China will further improve its business environment by halving the time required to open a business and start construction projects, the State Council decided at an executive meeting chaired by Premier Li Keqiang on May 2.
According to a decision at the meeting, the length of time required to start a business in municipalities, sub-provincial cities and provincial capitals will be reduced from an average of more than 20 workdays to 8.5 by the end of the year. This measure will also be introduced in five leading cities, Dalian, Qingdao, Ningbo, Xiamen and Shenzhen, with other areas also set to see positive progress, to be followed by national implementation in the first half of next year.
Measures to halve the time required for government approval of construction projects from the current average level of more than 200 workdays to 120 will be piloted in 15 cities, including Beijing, Shanghai and Tianjin, and in Zhejiang province, this year, whereby all government review items and approval procedures concerning home building and urban infrastructure will be simplified, optimized and standardized. This pilot program will be rolled out nationwide in the first half of next year.
President Xi Jinping emphasized that we must do away with regulations and practices that impede the development of a unified market and fair competition, stimulate the vitality of all market entities and adopt policies to promote high-standard liberalization and facilitation of trade and investment.
Premier Li said that a good business environment is part and parcel of enhancing competitiveness and productivity. “In spurring economic growth, our focus needs to shift from investing in projects to improving the business environment. The key is to press ahead with the reform of government functions,” he said.
An estimate by the World Bank moved China up 65 spots between 2013 and 2017 in the ranking of ease of starting a business, and the length of time required was shortened from 33 days to 22.9.
According to a decision at the meeting, the procedures that a new firm needs to go through to become initially operational will be further streamlined. The whole business registration process will be conducted online. Government approval of business names before registration will no longer be needed unless specifically required.
The record-filing procedure for official seals will be included in the reform to integrate different certification requirements for business registration. Applicants may also choose their own providers for official seals.
No separate tax registration will be required, and no separate social insurance registration certificate issued for companies that have obtained business licenses with unified social credit codes. The amount of time needed for invoice application and social insurance registration will also be reduced.
“An enabling business environment that unlocks market vitality is crucial to achieving sustained, high-quality development in China. The biggest potential for our development lies in the vast domestic market and the creativity of all market entities,” Premier Li said.
“Reducing government-imposed transaction costs will be the priority of the reform of government functions going forward, and there is still a great deal that can be done in this respect. The government must continue to make determined efforts to cut red tape, enhance compliance oversight and provide better services,” he said.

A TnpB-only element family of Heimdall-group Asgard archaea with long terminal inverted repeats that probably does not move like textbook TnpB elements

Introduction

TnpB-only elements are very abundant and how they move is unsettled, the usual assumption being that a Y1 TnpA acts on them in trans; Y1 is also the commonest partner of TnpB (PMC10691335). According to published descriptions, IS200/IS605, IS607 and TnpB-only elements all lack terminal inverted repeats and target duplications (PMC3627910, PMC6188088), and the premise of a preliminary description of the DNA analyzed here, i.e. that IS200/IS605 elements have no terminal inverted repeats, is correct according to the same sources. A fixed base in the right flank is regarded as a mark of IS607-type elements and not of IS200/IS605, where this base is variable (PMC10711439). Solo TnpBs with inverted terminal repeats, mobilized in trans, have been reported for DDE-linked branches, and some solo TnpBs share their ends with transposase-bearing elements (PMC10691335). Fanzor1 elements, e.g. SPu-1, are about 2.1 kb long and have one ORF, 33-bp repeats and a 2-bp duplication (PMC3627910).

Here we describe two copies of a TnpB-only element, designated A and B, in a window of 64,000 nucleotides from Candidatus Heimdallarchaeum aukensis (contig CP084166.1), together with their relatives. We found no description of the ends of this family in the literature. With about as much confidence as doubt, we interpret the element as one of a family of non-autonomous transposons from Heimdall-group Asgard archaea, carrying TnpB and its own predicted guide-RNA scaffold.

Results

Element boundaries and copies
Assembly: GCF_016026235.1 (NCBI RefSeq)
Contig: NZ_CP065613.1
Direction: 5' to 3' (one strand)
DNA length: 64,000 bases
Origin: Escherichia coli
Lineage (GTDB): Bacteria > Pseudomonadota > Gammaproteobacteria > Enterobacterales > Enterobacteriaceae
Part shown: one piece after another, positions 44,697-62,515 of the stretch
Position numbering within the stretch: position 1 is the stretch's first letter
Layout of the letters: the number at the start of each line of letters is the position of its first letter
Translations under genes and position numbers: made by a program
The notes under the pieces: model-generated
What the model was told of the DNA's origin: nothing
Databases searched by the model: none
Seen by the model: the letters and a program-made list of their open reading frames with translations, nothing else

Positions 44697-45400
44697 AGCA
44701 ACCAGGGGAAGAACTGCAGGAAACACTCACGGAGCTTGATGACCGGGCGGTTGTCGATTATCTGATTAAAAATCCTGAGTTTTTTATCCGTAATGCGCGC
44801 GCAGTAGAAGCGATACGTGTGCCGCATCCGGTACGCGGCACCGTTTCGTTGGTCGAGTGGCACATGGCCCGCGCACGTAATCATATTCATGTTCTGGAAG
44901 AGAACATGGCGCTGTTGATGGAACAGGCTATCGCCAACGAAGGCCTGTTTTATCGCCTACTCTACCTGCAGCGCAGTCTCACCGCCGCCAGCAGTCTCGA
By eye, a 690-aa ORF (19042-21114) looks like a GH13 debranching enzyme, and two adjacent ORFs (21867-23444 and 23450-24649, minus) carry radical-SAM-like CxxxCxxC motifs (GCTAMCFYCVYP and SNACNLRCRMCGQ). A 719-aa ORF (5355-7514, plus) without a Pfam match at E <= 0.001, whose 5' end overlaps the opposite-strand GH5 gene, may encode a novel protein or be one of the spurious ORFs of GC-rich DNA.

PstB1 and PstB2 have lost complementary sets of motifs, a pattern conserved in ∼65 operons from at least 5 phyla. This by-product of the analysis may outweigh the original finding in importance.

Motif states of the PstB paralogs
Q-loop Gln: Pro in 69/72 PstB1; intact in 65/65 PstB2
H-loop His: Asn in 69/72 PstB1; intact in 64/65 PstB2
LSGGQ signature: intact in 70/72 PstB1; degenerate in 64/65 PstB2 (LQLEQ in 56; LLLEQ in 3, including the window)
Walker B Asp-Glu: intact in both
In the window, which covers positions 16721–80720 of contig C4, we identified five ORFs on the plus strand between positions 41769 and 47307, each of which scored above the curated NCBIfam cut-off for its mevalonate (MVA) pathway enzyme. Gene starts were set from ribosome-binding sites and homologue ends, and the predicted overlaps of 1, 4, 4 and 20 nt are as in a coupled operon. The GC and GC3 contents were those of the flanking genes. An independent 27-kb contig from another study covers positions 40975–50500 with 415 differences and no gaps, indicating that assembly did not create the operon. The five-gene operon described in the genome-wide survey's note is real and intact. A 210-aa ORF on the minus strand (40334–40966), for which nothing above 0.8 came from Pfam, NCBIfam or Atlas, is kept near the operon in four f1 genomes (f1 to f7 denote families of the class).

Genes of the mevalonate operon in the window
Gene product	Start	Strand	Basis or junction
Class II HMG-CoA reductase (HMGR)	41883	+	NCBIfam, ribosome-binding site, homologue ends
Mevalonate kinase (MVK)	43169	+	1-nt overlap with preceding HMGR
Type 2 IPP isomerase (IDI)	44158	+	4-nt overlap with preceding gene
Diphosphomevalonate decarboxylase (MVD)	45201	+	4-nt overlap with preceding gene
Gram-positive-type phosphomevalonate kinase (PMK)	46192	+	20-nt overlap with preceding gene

To slash the review time for construction projects, the following measures were decided at the meeting:
First, the number of items subject to government approval will be further simplified. The record-filing requirement for construction contracts and building efficiency design review will be eliminated, and designs for fire control and civil air defense will be incorporated into the construction plan documents for review.
The review and approval of a project will no longer be conditional on environmental impact and energy efficiency, which will instead be subject to general assessment by the government.
Second, category-specific management will be introduced. The approval procedures for privately invested small and medium-sized construction projects will be simplified. No government approval will be required for the design plans of land-use right transfer projects with existing development plans. For privately invested home building projects, the project proprietors may decide how to award their own contracts.
Third, procedures will be streamlined. An interagency approach with a clear time frame will be adopted for simultaneous site inspection, mapping, surveying and drawing inspections by competent authorities in planning, natural resources and urban utilities. So in the future, the government will formulate one single checklist laying out all construction requirements, one single system for approval and inspection services, one single window for multiagency services, one single form for application materials and one single mechanism for rules-based approval.
“The rebound in private investment this year has been encouraging, yet lengthy reviews for construction projects will drive up corporate costs,” Premier Li said.
“Reform must be pushed forward by breaking down the departmental barriers of vested interests. We will advance these reform measures step by step and keep in mind the realities on the ground, and work to roll them out nationwide next year.”